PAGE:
Italian is one of the world’s most renowned cuisines.
Characterised by its simplicity, Italian food is a celebration of local history and culture, and it is enjoyed with passion and intention. Pizza and pasta are the country’s most famous culinary exports, but there’s nothing quite like the home-soil version, where the freshest ingredients are prepared to perfection. And if you’re still hungry (you won’t be), dessert will never disappoint: think creamy gelato and fresh cannoli. And limoncello to finish? Don’t mind if I do.
You’ll find some of the world’s best restaurants in Italy, but expect to be just as impressed by the mouth-watering fare at the casual trattoria down the street. Buon appetito!
Immerse yourself in Italy’s rough and wild environment and you’ll uncover innumerable treasures, and maybe a few well-kept secrets, too. Italy’s lush and diversified environment is best illustrated in its wildlife parks, an ideal setting for those keen to get amongst nature, discover Italy’s flora and fauna, visit its sunny islands and be surrounded by the typical Mediterranean landscape. There are many national parks well worth exploring: the Gran Paradiso, Circeo, Stelvio, Dolomiti Bellunesi, Gran Sasso and Monti della Laga, Cilento and Vallo di Diano, and Gargano National Parks; the parks of Calabria and Aspromonte; not to mention the Maddalena and Tuscan Archipelagos, the Vesuvius, the Cinque Terre National Parks, and many other protected areas, nature reserves, and marine parks.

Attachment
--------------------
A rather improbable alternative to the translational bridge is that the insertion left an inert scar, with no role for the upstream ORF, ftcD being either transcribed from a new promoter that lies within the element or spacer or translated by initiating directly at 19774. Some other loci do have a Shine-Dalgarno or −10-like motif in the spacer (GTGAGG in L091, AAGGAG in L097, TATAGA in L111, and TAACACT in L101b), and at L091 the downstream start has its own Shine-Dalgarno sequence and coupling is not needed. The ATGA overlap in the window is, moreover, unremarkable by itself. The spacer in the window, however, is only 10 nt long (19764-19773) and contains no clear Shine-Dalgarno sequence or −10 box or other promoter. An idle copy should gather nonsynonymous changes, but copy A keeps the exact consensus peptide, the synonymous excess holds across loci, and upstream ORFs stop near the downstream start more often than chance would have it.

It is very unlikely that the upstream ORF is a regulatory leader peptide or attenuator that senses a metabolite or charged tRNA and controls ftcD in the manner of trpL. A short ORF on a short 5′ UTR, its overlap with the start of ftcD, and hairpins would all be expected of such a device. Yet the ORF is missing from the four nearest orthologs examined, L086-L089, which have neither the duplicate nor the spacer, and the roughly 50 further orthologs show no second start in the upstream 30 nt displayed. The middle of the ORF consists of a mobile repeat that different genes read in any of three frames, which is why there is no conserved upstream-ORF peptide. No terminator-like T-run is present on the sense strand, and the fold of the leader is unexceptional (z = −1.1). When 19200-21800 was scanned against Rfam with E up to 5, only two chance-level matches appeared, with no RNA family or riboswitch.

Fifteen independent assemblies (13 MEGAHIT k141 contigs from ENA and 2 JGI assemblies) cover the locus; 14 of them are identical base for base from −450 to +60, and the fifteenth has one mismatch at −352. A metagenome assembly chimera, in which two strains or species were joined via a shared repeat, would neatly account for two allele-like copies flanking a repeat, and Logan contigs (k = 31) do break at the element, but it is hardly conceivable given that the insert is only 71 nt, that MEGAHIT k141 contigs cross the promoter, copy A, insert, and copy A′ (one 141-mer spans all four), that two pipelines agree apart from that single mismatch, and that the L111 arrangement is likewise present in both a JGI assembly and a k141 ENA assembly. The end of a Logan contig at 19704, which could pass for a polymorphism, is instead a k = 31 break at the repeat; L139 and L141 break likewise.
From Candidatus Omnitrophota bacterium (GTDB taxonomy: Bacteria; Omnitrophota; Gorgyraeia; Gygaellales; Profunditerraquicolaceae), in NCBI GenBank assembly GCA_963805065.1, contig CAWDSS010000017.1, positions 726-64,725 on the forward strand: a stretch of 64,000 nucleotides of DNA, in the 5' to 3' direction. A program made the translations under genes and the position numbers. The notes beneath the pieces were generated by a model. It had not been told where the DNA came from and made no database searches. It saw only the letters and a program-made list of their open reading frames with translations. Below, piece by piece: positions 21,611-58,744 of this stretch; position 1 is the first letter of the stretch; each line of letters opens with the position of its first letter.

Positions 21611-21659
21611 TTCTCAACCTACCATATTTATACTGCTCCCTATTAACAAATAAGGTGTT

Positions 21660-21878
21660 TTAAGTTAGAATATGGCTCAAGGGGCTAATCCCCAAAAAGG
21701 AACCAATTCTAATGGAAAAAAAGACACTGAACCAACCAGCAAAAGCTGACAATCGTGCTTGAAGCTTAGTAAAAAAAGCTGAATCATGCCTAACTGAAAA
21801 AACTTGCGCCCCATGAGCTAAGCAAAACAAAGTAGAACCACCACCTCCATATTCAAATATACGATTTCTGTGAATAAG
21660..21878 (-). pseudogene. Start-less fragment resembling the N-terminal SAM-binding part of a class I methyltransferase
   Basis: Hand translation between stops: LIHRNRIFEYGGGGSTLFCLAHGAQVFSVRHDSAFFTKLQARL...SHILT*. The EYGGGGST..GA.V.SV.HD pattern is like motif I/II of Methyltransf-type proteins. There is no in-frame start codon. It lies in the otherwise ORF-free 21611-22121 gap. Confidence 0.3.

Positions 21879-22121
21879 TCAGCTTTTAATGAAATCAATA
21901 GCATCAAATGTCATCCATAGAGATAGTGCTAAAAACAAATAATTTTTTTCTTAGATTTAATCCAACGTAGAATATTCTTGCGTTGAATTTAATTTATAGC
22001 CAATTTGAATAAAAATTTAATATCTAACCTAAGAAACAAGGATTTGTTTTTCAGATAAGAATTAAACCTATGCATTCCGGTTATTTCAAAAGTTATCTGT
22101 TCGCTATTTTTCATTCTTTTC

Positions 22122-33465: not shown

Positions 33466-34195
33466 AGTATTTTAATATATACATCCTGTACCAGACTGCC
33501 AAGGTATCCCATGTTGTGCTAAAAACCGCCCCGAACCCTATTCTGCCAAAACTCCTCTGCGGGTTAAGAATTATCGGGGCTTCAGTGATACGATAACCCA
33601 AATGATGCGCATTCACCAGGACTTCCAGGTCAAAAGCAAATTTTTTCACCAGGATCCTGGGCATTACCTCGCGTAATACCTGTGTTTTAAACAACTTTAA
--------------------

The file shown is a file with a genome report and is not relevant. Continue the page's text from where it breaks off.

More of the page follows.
Italy counts 55 UNESCO World Heritage Sites within its borders, the most of any country on the World Heritage List.
Italy’s World Heritage Sites are well-known. The Dolomites; The City of Verona; Ferrara and the Po River Delta; the Historic Centers of San Gimignano, Florence and Rome; Hadrian's Villa and the Villa D’Este at Tivoli; the archaeological area of Pompeii, Herculaneum and Torre Annunziata; the Sassi (rupestrian architecture and churches) of Matera; the Amalfi Coast and the Aeolian Islands are just some among many others.
All 55 sites have been, at one time or another, travel destinations for those seeking out history, art and culture in the Bel Paese.
Italy is divided into 20 regions, each and every one with its own unique cultural heritage, culinary tradition and most often, its own independent language (also known as a dialect). Tourists travelling from region to region will notice the different points in history showcased by each location, such as Florence uncovering the Renaissance period, Latium the Roman Empire, Veneto the Middle Ages and Sicily the Greek period.
The great artistic legacy of Italy, unequalled anywhere in the world, is not only distributed throughout Italy’s major cities and their famous museums. In fact, there is no Italian city, however modest, that does not contain and cherish some share of this wealth of art. Tuscany alone possesses more artistic treasures than the whole of Spain, which is the second country in the world for cultural heritage.
There are more than 3600 museums, art galleries and archaeological sites across Italy. Italy also brims with magnificent architectural achievements, which can be found in all corners of the country, from Rome’s famous Colosseum and St Mark’s Basilica in Venice to the striking Milan Cathedral and the Tower of Pisa.